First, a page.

Monday, December 7, 2009

Bob McDonnell's Online Advertising

Last month, just prior to election day, TechPresident ran a short story about New York City mayoral candidate Mike Bloomberg and VA Gubernatorial candidate Bob McDonnell running large Google advertising blasts in the runup to their respective elections.

The story discussed the strategy behind McDonnell's buy:
"...a Google Ad blast is running on behalf of the candidate today, targeted at both voters spending the day in Virginia and those many Virginians who spend their days working in DC. McDonnell's Google Ad buy started up at 9am, and will run through 5pm. McDonnell's buy seems to be partial to tech-focused sites. That's not the craziest approach given Virginia's vibrant tech industry and venture capitalist community."
Online ads can be an effective way to spread your political message to specific audiences and in spite of how much politicians are able to make online, they have not spent as much money on online advertisting as most companies.

According to Colin Delaney in his Online Politics 101, however, there are some cultural and technical barriers to online advertising becoming more widespread:
Running display ads is much more difficult than it should be, in part because different publications can have vastly different standards (I can remember one time doing three different versions each of four online ads, one set for the NY Times site, one set for Washington Post properties and one at standard 468x60 banner size for National Journal) and in part because ads can't be ordered from a single central broker.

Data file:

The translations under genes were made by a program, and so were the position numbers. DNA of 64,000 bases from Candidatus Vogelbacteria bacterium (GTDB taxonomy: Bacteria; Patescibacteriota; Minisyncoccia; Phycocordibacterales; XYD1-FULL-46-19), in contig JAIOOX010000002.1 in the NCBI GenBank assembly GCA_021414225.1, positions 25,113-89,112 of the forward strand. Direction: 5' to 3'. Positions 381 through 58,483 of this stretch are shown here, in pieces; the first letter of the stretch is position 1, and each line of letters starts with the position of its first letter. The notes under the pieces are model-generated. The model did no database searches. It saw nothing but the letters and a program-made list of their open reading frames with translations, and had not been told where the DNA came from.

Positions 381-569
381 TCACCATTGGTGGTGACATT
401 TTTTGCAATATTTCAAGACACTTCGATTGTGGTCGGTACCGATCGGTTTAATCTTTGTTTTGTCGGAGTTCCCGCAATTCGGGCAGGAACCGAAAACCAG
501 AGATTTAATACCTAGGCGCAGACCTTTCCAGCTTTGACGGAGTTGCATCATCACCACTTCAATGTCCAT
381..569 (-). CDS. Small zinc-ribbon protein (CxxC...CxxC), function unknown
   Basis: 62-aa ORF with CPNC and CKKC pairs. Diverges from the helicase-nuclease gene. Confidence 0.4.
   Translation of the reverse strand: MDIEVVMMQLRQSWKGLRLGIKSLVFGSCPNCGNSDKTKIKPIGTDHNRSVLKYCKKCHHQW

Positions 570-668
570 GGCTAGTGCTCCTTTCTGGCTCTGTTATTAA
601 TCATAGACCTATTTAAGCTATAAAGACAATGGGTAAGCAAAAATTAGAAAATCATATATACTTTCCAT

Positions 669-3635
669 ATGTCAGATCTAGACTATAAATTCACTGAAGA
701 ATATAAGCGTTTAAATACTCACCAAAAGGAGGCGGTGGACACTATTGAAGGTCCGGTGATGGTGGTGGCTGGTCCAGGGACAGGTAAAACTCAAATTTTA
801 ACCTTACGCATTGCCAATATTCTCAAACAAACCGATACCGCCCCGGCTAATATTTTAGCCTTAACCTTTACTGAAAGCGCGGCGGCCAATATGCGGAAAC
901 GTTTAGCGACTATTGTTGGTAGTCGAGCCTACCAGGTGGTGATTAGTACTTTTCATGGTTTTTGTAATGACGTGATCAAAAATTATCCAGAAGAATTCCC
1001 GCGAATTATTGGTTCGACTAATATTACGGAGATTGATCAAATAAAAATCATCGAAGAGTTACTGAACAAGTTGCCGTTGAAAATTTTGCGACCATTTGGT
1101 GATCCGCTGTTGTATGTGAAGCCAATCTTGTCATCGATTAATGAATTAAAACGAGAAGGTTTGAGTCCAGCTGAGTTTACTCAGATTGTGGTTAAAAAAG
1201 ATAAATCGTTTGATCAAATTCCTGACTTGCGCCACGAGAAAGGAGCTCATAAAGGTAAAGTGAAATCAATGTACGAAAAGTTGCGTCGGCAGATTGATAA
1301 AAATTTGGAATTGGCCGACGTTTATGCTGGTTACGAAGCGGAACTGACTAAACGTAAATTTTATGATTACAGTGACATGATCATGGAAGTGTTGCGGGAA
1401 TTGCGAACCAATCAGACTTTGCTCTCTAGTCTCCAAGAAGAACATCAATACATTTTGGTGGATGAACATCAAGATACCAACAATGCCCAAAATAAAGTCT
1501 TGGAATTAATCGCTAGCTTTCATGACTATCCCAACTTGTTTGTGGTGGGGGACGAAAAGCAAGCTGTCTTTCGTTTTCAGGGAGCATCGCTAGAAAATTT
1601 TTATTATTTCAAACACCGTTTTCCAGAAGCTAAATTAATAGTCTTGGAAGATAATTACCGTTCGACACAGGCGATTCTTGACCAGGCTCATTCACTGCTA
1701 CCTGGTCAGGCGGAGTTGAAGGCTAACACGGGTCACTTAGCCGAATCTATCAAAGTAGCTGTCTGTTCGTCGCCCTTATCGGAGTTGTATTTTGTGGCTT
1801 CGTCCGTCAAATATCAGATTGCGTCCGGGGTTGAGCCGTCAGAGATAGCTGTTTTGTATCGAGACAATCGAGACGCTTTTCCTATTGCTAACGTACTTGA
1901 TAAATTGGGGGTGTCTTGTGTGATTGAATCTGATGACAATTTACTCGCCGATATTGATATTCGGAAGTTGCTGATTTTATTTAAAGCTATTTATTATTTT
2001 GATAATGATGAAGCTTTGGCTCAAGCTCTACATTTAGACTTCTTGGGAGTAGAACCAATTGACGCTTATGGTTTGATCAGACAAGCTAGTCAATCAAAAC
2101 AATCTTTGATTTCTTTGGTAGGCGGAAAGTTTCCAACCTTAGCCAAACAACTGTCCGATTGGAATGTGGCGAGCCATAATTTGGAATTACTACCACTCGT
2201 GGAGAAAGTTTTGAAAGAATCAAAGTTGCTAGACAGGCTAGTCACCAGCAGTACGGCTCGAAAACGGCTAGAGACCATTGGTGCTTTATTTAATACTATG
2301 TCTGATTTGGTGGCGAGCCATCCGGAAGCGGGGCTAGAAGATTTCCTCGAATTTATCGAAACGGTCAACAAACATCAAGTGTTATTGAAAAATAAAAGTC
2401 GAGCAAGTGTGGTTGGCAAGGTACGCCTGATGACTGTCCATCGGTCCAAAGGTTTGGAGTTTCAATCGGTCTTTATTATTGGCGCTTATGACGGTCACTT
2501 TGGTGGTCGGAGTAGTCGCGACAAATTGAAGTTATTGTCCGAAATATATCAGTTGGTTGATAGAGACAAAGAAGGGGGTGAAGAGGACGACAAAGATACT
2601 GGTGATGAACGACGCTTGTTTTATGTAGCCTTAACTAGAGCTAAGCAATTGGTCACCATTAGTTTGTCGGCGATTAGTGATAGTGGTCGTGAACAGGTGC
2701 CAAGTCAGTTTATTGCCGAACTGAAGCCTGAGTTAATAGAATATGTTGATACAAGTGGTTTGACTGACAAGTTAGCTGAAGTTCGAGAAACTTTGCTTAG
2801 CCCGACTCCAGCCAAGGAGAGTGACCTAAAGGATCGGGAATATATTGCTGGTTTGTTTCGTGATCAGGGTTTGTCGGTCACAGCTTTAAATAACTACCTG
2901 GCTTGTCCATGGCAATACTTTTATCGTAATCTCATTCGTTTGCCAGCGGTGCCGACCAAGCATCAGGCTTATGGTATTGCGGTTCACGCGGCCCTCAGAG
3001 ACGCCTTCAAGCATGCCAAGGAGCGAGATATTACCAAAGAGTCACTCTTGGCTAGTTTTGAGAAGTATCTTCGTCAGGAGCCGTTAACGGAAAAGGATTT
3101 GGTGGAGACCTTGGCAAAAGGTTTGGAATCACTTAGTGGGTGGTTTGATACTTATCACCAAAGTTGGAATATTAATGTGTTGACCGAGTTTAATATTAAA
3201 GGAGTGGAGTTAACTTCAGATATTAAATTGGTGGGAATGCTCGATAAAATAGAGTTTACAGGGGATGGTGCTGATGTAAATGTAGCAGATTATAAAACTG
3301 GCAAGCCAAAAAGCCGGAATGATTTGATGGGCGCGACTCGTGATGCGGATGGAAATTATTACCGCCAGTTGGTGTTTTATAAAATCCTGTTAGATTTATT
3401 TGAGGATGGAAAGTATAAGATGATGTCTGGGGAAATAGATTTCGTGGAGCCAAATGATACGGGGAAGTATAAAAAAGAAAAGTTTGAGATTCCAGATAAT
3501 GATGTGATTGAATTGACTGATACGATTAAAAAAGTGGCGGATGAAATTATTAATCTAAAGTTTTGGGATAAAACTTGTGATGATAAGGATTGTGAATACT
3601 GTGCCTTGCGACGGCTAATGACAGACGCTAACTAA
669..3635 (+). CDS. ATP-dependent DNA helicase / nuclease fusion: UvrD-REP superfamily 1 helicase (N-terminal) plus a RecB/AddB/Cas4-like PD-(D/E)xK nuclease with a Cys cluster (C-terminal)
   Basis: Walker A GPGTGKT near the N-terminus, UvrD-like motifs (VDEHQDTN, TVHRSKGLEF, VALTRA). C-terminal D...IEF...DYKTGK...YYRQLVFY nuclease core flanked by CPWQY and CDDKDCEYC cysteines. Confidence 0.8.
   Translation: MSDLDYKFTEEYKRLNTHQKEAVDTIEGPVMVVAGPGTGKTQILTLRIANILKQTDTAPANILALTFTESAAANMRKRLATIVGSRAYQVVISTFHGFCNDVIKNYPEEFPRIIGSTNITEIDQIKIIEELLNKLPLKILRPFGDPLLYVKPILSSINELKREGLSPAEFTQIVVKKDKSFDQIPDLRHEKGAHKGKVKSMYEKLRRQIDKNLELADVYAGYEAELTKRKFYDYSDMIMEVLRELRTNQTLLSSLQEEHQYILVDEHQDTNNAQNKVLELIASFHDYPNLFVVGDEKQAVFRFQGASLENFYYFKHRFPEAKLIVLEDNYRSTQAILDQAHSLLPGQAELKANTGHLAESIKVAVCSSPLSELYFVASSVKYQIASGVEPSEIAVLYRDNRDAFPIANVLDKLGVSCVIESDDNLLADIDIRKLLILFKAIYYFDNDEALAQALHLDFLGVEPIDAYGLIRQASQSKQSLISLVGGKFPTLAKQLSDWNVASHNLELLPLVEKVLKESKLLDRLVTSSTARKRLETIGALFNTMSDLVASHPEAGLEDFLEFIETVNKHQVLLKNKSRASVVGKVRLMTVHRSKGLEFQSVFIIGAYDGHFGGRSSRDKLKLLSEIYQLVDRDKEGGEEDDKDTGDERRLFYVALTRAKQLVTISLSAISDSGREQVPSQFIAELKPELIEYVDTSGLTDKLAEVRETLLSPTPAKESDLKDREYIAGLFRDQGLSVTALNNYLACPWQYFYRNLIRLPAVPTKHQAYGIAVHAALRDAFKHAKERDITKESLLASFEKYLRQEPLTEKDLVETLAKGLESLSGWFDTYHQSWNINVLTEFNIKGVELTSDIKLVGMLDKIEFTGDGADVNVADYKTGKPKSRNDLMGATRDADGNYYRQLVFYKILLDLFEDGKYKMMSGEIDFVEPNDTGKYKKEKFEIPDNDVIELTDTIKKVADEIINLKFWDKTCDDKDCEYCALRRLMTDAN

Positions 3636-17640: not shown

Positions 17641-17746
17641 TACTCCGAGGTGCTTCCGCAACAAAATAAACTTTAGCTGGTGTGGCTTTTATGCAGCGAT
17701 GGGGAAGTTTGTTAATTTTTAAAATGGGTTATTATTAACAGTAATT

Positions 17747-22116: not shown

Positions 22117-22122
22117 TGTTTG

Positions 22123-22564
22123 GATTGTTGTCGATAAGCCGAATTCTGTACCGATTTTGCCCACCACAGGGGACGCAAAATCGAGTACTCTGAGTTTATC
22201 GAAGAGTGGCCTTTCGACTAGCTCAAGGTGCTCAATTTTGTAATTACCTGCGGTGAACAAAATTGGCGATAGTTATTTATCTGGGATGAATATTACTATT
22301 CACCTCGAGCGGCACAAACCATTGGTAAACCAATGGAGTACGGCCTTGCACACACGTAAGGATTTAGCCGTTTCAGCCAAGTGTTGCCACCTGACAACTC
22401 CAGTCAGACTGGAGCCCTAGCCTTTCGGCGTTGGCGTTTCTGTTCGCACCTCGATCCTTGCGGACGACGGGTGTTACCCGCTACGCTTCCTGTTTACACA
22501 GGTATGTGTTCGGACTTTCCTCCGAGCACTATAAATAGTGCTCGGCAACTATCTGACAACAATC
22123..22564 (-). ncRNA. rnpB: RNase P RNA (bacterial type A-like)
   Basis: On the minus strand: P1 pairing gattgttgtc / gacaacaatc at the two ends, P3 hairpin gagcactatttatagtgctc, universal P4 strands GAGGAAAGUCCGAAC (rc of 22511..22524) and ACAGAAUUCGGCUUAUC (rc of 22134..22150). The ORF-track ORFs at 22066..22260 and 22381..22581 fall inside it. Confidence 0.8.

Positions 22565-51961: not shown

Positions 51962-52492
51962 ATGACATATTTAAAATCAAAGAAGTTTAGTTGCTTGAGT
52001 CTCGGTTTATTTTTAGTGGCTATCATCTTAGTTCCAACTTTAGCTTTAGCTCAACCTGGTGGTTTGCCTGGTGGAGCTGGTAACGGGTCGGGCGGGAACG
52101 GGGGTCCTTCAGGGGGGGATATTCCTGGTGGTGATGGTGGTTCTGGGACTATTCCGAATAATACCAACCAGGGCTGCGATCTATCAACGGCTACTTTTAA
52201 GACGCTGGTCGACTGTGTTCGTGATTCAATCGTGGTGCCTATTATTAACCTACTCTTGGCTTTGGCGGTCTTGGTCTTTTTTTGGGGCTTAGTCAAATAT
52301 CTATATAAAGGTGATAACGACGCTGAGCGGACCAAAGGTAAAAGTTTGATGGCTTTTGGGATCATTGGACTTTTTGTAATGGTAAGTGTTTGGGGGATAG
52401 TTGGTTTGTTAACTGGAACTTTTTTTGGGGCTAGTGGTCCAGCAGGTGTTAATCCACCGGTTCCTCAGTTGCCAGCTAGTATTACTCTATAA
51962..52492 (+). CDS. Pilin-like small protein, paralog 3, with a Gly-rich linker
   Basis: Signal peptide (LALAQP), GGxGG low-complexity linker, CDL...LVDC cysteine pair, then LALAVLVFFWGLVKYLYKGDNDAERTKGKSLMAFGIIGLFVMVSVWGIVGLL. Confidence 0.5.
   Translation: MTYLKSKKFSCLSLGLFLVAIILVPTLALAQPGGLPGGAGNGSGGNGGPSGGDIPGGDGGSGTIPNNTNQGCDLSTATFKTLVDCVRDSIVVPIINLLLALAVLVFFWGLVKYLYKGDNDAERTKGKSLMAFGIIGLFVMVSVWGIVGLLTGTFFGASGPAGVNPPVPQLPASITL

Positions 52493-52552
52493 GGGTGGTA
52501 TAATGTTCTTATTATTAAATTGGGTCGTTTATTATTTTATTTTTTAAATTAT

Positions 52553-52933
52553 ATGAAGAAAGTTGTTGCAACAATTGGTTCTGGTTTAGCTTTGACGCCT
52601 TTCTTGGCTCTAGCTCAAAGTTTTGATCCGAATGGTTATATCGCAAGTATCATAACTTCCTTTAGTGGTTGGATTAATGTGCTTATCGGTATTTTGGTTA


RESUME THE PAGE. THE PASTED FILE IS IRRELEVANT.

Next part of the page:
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professional campaign consultants in the U.S. have generally taken a cut of their clients' TV spending as a commission for placing their ads, and the industry hasn't worked out a similarly profitable business model for online political advertising.
As some of these hurdles are met, I think it will be interesting to see what percentage of advertising dollars on a political campaign goes to traditional vs. online media.

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